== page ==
It is this reapportionment effort which underlies the money behind these two races. Local issues mean nothing to most of those who are funding these contests. Those issues are just fodder in the larger game of getting the right candidate elected to strengthen one party or the other. Democrats want to oust Tolbert and reclaim that seat for themselves; Republicans want to oust Madden and claim that spot for their party.
While all of that is going on behind the scenes, voters tend to focus on local issues and concerns. While there are some party loyalists on both sides - those who would vote for a particular party no matter who the candidate happened to be - most voters are far more independent. On local races, voters tend to cross party lines if they know a particular candidate, or are concerned about a particular issue.
Thus we have a situation where state and national political party money is being used locally to debate local issues that are not really the ultimate goal. Each political party wants control of the legislature, but voters want public officials who will represent them and their interests, the party politics be damned.
It's an odd arrangement, and while party politics has always been a factor in local races, it is reaching new heights in Jackson County this year. That's because of the reapportionment issue and the changing demographics of local voters caused by residential growth. In short, Jackson County is one part of a battleground in a much larger political war.
What voters here will have to weigh, however, are the local issues against the larger interests of the two political parties. There will likely be moments in these two campaigns when party politics will collide with a local issue.
In other words, do we as voters support a candidate because of his party, or do we support a party because of its candidates?
Mike Buffington is editor of The Jackson Herald.

Mark Beardsley
The Commerce News
June 7, 2000

Action needed to attract rain
to end drought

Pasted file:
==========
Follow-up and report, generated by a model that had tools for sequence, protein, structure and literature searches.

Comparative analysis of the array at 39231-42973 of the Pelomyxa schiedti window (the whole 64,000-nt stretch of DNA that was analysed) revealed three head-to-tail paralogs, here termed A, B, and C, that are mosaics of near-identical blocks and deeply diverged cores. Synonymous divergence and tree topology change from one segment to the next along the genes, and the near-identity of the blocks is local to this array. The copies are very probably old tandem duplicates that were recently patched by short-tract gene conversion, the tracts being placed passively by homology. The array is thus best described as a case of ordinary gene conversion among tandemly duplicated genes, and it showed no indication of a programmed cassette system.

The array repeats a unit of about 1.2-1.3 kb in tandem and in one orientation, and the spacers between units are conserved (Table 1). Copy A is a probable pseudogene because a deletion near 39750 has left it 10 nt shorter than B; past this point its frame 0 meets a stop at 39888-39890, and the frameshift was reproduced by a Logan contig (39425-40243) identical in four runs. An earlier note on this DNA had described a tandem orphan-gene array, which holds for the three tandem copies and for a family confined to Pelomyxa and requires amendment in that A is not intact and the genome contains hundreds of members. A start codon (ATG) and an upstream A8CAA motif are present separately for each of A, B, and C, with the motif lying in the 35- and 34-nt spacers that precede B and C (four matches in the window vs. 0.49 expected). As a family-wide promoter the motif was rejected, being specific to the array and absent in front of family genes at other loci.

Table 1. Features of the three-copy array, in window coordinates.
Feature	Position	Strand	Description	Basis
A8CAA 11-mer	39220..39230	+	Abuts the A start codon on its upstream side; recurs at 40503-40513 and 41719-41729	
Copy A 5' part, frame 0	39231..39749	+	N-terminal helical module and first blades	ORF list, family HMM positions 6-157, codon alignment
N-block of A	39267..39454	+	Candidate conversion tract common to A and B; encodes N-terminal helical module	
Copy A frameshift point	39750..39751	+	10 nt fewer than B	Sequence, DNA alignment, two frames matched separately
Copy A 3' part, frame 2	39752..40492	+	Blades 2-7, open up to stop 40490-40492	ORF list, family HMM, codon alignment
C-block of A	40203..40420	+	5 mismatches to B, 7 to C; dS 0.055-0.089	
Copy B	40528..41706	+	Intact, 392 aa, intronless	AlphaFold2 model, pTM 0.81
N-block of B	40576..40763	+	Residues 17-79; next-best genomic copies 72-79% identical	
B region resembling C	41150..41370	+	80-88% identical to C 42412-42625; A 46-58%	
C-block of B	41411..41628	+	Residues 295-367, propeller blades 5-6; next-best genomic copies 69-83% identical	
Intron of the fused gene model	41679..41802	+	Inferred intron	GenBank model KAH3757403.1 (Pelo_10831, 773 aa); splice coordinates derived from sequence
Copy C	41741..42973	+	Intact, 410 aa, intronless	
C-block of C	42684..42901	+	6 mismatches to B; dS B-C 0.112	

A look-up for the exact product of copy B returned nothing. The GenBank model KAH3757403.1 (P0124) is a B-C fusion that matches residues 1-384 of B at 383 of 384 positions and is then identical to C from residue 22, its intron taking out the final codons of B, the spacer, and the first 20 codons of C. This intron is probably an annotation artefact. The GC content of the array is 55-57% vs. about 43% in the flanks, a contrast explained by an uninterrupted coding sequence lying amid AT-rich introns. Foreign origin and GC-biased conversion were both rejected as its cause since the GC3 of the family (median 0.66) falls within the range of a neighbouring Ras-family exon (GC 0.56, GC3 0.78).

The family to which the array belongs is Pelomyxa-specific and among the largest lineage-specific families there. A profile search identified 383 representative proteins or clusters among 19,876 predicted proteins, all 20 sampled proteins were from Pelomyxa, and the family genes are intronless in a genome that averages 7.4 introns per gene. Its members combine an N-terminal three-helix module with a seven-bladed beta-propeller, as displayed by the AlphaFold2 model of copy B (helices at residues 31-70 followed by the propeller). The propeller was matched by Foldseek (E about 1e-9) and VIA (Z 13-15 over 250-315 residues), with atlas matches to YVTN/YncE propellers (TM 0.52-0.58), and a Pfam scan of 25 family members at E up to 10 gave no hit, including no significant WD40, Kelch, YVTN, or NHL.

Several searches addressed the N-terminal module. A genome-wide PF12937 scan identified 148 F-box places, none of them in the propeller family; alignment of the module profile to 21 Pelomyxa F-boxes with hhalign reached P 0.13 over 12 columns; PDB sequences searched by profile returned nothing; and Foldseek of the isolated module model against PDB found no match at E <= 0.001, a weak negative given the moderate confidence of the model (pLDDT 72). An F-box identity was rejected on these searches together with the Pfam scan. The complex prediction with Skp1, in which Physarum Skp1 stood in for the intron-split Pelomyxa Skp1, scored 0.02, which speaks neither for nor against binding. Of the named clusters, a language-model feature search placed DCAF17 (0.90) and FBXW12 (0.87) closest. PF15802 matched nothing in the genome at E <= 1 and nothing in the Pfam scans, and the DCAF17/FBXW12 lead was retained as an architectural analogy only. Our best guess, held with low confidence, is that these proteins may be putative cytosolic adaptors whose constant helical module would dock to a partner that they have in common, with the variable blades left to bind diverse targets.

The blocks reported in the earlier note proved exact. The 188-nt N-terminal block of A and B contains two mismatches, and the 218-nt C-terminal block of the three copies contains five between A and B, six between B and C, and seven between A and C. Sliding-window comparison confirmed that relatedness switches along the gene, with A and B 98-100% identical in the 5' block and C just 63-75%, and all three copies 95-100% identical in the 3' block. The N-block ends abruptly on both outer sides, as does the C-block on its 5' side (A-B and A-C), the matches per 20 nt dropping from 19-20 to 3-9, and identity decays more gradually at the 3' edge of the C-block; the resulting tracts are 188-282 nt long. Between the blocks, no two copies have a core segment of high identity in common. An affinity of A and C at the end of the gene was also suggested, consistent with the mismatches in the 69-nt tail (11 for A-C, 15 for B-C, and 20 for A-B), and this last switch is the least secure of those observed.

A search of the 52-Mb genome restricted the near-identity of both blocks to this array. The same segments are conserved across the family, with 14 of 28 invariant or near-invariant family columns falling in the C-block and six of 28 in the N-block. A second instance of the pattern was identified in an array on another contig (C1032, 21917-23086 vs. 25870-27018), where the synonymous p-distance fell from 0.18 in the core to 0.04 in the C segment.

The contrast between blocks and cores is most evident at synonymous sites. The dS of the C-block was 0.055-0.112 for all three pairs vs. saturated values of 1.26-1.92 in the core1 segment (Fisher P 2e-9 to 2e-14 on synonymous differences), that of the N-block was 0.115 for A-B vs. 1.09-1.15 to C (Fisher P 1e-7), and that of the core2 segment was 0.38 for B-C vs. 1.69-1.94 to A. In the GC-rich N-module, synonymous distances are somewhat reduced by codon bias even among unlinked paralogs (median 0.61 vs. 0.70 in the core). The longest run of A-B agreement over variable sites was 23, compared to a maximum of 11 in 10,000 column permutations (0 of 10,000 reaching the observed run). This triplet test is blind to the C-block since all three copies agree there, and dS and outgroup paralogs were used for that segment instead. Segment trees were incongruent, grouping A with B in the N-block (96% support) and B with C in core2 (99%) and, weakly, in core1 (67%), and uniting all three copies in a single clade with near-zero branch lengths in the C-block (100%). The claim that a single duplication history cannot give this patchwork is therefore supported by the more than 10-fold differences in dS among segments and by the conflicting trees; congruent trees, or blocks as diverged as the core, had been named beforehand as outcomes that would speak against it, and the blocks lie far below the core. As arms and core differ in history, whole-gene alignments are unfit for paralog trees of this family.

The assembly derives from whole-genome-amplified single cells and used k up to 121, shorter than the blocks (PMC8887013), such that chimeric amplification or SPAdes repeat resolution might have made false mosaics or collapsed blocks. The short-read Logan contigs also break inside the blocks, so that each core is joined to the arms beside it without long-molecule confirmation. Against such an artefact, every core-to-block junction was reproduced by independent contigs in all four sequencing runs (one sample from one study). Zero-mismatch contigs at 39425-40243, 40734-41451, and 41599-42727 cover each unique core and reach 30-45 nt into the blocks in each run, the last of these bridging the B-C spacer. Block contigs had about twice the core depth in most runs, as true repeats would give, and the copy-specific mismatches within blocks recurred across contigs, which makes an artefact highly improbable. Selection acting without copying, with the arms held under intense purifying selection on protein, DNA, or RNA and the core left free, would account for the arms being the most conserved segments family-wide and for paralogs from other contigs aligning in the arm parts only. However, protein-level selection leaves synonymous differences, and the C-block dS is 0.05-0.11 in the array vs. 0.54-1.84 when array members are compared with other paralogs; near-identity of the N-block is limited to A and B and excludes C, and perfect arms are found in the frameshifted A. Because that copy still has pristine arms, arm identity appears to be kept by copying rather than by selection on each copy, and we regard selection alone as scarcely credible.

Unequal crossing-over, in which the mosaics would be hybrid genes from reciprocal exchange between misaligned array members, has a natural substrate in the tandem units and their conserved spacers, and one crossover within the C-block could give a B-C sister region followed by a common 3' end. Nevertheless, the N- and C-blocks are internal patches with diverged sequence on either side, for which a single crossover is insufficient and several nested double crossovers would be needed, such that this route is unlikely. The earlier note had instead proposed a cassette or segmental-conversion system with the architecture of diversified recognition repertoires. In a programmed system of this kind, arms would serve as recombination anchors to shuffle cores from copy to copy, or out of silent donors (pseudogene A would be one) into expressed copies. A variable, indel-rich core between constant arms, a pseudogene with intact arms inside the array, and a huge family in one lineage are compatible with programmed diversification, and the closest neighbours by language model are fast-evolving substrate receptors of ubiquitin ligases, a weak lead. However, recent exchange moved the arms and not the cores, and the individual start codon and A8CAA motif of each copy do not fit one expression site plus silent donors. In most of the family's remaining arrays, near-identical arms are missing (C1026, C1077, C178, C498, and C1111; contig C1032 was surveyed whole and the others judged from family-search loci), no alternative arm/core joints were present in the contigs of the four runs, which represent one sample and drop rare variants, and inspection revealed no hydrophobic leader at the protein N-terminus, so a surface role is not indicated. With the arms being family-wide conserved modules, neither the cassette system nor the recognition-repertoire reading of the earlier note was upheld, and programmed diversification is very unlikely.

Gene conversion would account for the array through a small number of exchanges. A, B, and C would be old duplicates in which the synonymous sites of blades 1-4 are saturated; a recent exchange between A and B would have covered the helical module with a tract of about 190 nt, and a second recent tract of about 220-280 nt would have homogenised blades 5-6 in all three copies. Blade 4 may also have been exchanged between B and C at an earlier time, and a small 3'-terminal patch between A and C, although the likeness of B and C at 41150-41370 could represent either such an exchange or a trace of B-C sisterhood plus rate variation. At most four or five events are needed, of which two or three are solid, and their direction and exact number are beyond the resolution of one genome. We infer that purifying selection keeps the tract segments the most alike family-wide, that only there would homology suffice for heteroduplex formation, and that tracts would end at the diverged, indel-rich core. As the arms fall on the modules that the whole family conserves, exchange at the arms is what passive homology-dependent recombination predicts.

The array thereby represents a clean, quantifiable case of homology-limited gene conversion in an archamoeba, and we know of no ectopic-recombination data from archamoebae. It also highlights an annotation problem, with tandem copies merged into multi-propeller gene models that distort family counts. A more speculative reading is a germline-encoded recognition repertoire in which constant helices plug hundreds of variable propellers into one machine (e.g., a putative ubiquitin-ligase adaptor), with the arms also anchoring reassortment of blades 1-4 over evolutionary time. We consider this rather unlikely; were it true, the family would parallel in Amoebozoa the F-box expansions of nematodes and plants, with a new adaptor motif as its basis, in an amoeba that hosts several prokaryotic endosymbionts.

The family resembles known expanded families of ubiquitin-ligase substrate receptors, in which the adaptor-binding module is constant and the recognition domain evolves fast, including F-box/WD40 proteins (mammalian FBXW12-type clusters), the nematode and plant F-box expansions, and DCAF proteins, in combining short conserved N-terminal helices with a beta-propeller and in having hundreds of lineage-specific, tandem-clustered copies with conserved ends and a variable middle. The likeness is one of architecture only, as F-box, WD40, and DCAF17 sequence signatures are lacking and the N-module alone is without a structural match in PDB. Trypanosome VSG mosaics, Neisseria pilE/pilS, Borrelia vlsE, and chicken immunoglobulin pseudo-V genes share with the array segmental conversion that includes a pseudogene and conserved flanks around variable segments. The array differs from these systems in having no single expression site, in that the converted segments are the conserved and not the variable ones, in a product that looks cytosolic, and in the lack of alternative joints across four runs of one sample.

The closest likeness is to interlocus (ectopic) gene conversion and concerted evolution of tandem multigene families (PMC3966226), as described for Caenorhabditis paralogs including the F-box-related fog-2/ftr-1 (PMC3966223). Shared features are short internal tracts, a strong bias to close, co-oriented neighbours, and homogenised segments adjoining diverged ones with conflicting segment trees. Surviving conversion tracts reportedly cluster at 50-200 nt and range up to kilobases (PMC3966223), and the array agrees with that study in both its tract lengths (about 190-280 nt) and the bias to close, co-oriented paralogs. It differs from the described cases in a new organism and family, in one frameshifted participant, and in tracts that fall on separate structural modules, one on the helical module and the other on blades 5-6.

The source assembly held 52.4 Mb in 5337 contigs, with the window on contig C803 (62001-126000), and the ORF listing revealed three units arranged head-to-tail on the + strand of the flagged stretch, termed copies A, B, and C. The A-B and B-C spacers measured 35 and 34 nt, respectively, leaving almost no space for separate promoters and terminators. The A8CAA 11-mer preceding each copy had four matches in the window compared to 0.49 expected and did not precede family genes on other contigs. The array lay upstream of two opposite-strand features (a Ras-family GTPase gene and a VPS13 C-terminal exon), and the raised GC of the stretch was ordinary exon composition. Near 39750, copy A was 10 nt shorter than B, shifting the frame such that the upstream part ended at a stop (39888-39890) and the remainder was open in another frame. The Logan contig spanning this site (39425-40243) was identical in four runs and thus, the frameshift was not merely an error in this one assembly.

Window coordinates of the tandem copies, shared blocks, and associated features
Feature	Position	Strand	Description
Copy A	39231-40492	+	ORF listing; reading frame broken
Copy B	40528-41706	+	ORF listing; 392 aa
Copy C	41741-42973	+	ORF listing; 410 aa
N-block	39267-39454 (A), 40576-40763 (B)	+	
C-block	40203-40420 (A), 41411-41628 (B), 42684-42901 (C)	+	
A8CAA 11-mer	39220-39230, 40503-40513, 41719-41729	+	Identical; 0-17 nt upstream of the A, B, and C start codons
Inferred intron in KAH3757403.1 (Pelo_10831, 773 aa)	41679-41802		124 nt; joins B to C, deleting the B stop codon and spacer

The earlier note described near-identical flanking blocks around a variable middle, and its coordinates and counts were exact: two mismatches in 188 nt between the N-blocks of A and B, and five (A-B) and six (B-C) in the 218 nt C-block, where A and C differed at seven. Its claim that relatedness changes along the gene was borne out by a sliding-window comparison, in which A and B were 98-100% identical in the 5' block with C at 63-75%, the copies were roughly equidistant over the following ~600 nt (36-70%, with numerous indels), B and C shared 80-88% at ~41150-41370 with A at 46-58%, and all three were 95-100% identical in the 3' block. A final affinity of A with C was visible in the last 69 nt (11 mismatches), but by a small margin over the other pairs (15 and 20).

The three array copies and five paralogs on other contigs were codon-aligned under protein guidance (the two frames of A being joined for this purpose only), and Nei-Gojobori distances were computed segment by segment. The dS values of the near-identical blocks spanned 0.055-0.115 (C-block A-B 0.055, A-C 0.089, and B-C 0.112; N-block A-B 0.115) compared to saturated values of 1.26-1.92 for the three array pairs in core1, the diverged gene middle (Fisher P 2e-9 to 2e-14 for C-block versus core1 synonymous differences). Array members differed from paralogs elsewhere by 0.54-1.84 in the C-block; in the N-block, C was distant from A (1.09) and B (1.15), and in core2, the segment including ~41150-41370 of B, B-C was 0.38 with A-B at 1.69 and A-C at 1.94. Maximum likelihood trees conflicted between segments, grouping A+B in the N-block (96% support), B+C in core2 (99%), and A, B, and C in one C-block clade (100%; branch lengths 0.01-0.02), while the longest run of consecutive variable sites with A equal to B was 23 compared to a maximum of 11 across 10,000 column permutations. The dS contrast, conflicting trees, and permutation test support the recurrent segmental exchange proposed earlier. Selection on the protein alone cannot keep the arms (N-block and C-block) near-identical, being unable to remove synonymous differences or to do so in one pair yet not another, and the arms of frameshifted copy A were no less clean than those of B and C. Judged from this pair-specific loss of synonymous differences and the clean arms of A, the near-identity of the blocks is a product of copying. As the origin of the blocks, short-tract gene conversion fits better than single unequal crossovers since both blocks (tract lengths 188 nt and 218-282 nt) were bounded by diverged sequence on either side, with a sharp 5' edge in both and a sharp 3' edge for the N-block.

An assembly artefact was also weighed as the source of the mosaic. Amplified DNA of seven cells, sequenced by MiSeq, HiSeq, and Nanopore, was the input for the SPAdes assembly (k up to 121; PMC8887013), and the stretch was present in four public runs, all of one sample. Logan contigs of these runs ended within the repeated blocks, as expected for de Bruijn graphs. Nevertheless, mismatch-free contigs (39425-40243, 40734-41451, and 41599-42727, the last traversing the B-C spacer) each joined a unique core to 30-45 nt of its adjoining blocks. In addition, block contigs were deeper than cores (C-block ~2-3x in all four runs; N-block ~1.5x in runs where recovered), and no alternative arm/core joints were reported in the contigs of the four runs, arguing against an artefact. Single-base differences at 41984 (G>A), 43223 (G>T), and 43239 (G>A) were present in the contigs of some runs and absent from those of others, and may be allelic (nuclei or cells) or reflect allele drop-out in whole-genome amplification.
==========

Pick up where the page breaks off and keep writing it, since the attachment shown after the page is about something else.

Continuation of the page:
Well, I tried. I did everything in my power to stop the drought, to no avail.
My effort culminated May 24. I had written a story about the drought, a story about how there would be plenty of water for lawns and gardens during the drought, and even an editorial (which I ended up running a week later) about a future water shortage. I also scheduled an evening of fishing.
Things appeared to be working. That afternoon, clouds appeared. Lightning flashed. The National Weather Service put the county under a "severe thunderstorm warning."
"You think we should go?" asked my fishing partner when I showed up at his house. "There's a sever thunderstorm warning. It's all around us."
The prudent thing would have been to stay home, but I was trying to make it rain.
"We have to go," I declared. "It's our civic duty."
At the lake, the storm clouds thickened. I felt a twinge of pride as it began to sprinkle. To the west and the south, the clouds were dark gray.
We fished from shore while we awaited the storm, but an amazing thing happened. It passed around us. Athens got a hard rain, but the Commerce area didn't get enough to wet the grass.
"I knew I should have washed the truck, maybe my car too," I commented.
It's been two weeks now, and while there have been a few clouds, we've had no measurable rain. Yards and pastures are suffering, and it's only going to get worse.
Weather patterns are changing; there was no rain during the Southern Nationals this year. It may be that even the City Lights Concert will be insufficient to bring rain.
It is time for city and county officials to show leadership. I propose that the county commissioners and the mayors and town councils throughout Jackson County declare June 17 as a countywide day of barbecues, picnics and car washes. Anyone planning a wedding for that day would be encouraged to schedule it outside, and companies, churches and other groups would be asked to have picnics and outdoor parties.
MainStreet Newspapers, as a community service, has already scheduled its company picnic for that day. (The year I was in charge it rained two inches, although dedication of a memorial at the county courthouse may have helped bring it about.)
Merchants should schedule sidewalk sales. Citizens can help by planning large yard sales. Civic and booster clubs could hold softball tournaments. It'd be a great time to schedule a parade.
They say it isn't nice to try to fool Mother Nature. I say that may be our only chance of getting some rain. We can sit back and wait, or we can take action.
Government must follow the MSN lead and declare Saturday, June 17, as "Outdoor Activity Day In Jackson County." The farmers, cattlemen, poultry growers and people who get water from wells will soon be desperate. We need to help them. Plan an outdoor event now for June 17. God bless you.